Wednesday, February 10, 2010

"Penny Tax"? (Of Local Interest Only)

(I don't think anyone will really care about this post.  It's just something I felt like grumbling about today.  Maybe the next one will be better.)

Our county will vote next month on a proposed one-cent sales tax increase.  The extra tax revenue is meant to help fund the county's school system, which apparently still needs more money, even after making staff cuts earlier in the school year.

Teachers and students in Baldwin County were left in a world of hurt when they saw their funding resources plummet $61 million.

Last November, we spoke with the state assistant superintendent of schools, Craig Pouncey about the financial crisis. He said the district was warned years ago that this would happen.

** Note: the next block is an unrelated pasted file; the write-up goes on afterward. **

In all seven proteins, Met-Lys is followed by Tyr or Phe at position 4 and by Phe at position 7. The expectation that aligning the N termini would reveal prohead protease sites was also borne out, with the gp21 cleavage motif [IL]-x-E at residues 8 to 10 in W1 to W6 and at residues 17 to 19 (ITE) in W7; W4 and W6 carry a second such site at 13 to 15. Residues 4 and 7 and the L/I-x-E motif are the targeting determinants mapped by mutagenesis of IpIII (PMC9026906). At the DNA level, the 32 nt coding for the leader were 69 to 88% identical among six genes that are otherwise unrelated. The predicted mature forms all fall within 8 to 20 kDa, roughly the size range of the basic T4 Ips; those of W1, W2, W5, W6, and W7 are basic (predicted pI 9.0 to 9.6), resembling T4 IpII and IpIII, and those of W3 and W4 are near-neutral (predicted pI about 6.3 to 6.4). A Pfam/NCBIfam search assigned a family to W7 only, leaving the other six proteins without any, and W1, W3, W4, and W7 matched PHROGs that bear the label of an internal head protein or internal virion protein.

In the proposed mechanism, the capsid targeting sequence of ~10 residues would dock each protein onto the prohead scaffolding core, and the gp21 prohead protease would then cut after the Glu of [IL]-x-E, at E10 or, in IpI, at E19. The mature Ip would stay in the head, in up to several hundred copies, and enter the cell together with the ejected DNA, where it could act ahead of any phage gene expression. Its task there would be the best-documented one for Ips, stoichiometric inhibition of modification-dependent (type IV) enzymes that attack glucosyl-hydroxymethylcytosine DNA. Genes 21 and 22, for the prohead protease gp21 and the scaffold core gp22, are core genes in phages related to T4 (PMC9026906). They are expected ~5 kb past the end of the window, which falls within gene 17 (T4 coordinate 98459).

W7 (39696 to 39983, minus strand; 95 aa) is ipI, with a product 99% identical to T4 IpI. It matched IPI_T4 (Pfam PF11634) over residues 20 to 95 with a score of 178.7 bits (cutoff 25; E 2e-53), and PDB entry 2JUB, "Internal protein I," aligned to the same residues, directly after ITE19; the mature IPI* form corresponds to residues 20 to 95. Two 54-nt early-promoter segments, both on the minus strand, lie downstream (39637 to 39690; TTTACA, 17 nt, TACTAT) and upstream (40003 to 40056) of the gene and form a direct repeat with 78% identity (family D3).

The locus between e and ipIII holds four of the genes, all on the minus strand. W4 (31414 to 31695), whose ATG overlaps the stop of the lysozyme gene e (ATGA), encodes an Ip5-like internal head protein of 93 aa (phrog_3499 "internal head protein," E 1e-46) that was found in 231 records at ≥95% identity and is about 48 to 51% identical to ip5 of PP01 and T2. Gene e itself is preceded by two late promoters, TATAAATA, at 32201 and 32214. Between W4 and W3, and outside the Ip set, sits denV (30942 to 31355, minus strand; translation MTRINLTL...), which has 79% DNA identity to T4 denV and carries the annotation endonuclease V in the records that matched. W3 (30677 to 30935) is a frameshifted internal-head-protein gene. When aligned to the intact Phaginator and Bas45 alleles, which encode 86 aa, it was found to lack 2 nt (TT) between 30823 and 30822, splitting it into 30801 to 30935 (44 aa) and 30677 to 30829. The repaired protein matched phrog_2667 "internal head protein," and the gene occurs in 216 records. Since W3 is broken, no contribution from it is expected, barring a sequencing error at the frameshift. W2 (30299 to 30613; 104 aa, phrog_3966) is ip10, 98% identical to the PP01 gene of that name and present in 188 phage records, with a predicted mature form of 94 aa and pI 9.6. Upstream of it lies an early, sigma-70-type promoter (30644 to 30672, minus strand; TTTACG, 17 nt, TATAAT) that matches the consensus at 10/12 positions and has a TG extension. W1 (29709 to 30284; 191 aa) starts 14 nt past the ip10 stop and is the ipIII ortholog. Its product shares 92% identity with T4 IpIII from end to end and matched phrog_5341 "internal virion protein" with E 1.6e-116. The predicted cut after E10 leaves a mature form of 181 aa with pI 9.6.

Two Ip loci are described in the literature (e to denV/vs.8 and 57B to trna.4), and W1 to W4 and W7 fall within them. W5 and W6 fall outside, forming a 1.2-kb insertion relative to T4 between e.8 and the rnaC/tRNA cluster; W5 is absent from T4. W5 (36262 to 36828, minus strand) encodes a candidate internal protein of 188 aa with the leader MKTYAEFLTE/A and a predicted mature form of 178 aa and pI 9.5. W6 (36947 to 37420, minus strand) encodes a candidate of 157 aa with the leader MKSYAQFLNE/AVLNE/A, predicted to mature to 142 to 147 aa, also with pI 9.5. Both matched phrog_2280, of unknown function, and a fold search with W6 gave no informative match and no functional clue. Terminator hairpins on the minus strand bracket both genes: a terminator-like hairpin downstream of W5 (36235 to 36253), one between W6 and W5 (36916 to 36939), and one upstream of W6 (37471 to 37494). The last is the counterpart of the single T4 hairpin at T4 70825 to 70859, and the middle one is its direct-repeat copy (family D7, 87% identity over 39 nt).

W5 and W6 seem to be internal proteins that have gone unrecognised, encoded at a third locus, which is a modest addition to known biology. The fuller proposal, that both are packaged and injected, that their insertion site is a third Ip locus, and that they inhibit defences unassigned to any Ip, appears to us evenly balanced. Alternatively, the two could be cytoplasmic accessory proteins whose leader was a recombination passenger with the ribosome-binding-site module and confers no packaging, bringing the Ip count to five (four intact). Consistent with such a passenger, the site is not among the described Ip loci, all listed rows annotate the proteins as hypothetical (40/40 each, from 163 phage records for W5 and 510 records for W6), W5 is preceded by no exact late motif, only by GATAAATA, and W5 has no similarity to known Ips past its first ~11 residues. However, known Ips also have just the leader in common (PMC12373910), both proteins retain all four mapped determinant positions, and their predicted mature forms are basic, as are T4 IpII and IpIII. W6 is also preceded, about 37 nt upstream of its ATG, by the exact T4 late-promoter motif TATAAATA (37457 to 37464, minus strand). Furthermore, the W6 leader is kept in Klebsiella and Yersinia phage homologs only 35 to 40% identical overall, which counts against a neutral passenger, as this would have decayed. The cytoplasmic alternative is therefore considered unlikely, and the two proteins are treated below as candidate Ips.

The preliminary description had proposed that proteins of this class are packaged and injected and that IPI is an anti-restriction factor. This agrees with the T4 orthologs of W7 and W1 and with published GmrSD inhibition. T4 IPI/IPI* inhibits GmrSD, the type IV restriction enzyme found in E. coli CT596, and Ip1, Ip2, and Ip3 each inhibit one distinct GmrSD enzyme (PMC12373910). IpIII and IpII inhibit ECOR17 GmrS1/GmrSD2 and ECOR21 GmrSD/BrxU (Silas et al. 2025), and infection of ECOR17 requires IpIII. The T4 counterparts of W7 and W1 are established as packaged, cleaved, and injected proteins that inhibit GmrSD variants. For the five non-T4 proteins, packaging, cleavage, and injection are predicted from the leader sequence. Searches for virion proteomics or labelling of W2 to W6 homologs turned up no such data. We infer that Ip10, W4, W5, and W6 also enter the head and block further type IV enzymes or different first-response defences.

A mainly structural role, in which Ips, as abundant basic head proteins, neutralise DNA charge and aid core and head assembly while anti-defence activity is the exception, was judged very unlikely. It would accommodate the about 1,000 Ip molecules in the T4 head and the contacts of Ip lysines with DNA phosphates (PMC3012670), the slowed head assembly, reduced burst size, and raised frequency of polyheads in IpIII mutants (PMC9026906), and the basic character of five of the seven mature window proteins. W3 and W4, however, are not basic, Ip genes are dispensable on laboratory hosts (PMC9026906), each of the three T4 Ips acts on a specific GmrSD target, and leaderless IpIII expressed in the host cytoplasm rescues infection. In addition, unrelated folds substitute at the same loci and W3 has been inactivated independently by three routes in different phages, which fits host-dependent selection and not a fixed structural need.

Baldwin County School Board members have long maintained they want a premier learning environment for students.

But in trying to create such an atmosphere State Assistant Superintendent Craig Pouncey said, the district may have lived beyond their means.

“We have been working with school systems for the last two years to prepare them for this inevitable downturn. Some districts chose to listen to what we were saying two years ago and begin to downsize; primarily their staffing levels in anticipation of reduced funding,” said Pouncey.

In the last two years, state schools have lost billions of dollars in state appropriations. That's one fourth of all state revenue devoted to public education. According to the state assistant superintendent, the loss of revenue was inevitable. Pouncey told Fox10 News in anticipation of a budget shortfall, the state started working with districts in 2006 to help them establish at least a one-month operating reserve.